Valerie Tiberius, Philosophy of Virtues & Wellbeing
Philosophy of Virtues & Wellbeing
Valerie Tiberius is the Paul W. Frenzel Chair in Liberal Arts and Professor of Philosophy at the University of Minnesota. Her work explores the ways in which philosophy and psychology contribute to the study of virtue and well-being. She is the author of Reflective Life and Well-Being as Value Fulfillment, and is past president of the Central Division of the American Philosophical Association.
Transcription of the video
Which domain or aspect of social life will show the most significant positive societal and/or psychological change in response to the pandemic?
If I had to predict something positive that would happen, it would be an increased awareness of our vulnerability and mutual dependence. We see a little bit of this already with people banging pots and clapping hands to support healthcare workers and other essential workers. My hope in practice is that this would mean increased support for universal health care in the US and for a more secure social safety net, which would have made a big difference in the US to how the pandemic played out and I think that could be a long-lasting change that people understand the ways in which we’re connected and the ways in which it’s essential to support each other.
What kind of wisdom will people need to capitalize on the positive societal and/or psychological change after the pandemic?
I think the kind of wisdom we need to get us on the path to seeing people’s mutual interdependence and our vulnerability is a kind of theoretical wisdom that would allow us to shift our perspectives to see larger forces and patterns rather than focusing on individual narratives and stories.
Which domain or aspect of social life will show the most significant negative societal and/or psychological change in response to the pandemic?
Politically, I think there’s a reason to worry that some leaders will take this as an opportunity to curtail individual liberty and increase social control beyond the point that’s necessary to respond to the pandemic. I think we see that happening in some countries already. That’s a real concern. I know that there are parents who are worried about the long-term consequences for this very fearful period on their children. Parents that I know are worried that their children will grow up with an increasing, greater sense of mistrust and fear of other people. They’re also worried about the repercussions for children’s education, and especially, I think as a society, we should be worried about the repercussions for the education of poor children who are disproportionately affected by the pandemic.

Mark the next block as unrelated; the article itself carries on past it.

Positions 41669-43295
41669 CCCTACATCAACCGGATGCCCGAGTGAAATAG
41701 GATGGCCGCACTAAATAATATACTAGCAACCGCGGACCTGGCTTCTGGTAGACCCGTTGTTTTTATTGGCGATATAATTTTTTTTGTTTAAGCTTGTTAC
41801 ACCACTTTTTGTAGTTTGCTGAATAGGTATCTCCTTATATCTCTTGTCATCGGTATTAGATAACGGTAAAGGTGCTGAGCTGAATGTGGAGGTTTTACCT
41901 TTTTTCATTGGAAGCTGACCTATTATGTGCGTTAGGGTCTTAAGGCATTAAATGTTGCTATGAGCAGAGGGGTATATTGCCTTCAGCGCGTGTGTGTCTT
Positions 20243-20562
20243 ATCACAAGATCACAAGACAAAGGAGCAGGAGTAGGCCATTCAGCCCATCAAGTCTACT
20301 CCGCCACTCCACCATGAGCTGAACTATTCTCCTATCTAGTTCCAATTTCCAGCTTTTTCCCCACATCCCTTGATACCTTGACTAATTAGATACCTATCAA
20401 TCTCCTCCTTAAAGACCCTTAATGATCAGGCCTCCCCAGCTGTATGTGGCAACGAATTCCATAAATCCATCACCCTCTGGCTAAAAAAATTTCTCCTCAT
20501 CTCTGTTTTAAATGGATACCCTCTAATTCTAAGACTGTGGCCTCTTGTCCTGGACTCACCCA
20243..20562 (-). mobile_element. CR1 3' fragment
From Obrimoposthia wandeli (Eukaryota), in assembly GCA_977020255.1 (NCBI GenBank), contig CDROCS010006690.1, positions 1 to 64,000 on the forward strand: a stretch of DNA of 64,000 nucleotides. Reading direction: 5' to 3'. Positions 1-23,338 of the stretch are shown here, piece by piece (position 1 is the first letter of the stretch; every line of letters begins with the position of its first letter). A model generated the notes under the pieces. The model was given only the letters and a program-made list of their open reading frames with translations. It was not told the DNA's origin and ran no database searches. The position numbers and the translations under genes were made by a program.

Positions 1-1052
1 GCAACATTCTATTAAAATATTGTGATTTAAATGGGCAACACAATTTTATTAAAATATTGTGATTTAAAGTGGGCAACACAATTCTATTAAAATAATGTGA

What kind of wisdom will people need to master to overcome major negative societal and/or psychological changes after the pandemic?
What we need is wise leadership, which, at least in the US, we don’t have a lot of recently. We need wise leaders who can balance the values of liberty and privacy against the values of saved lives. We need wise leadership to enact education policies that treat all children as equal future citizens whose education matters to us all.
What piece of wisdom do people need to make it through the pandemic?
The pandemic is having very different consequences for people in different groups. Some people are dying. Some people are afraid of getting sick because they have to care for other people. Some people are losing their jobs and their economic stability. And injustice in the United States especially, but surely elsewhere, means that some of us are merely inconvenienced, while some of us are in truly dismal circumstances. So given that, for those of us who are not in dire states, I think what we need is perspective. Realizing that our problems are relatively small compared to what others are enduring might be a first step to motivating us help to change the conditions that has made this pandemic so bad for some groups of people. It could also be that having some perspective where we realize that for those of us for whom this is true that our problems are small compared to people in other groups. It might also make us feel a little better, make us feel less sorry for ourselves. And again, my hope is that it would motivate us to work to change things.
Themes discussed in this interview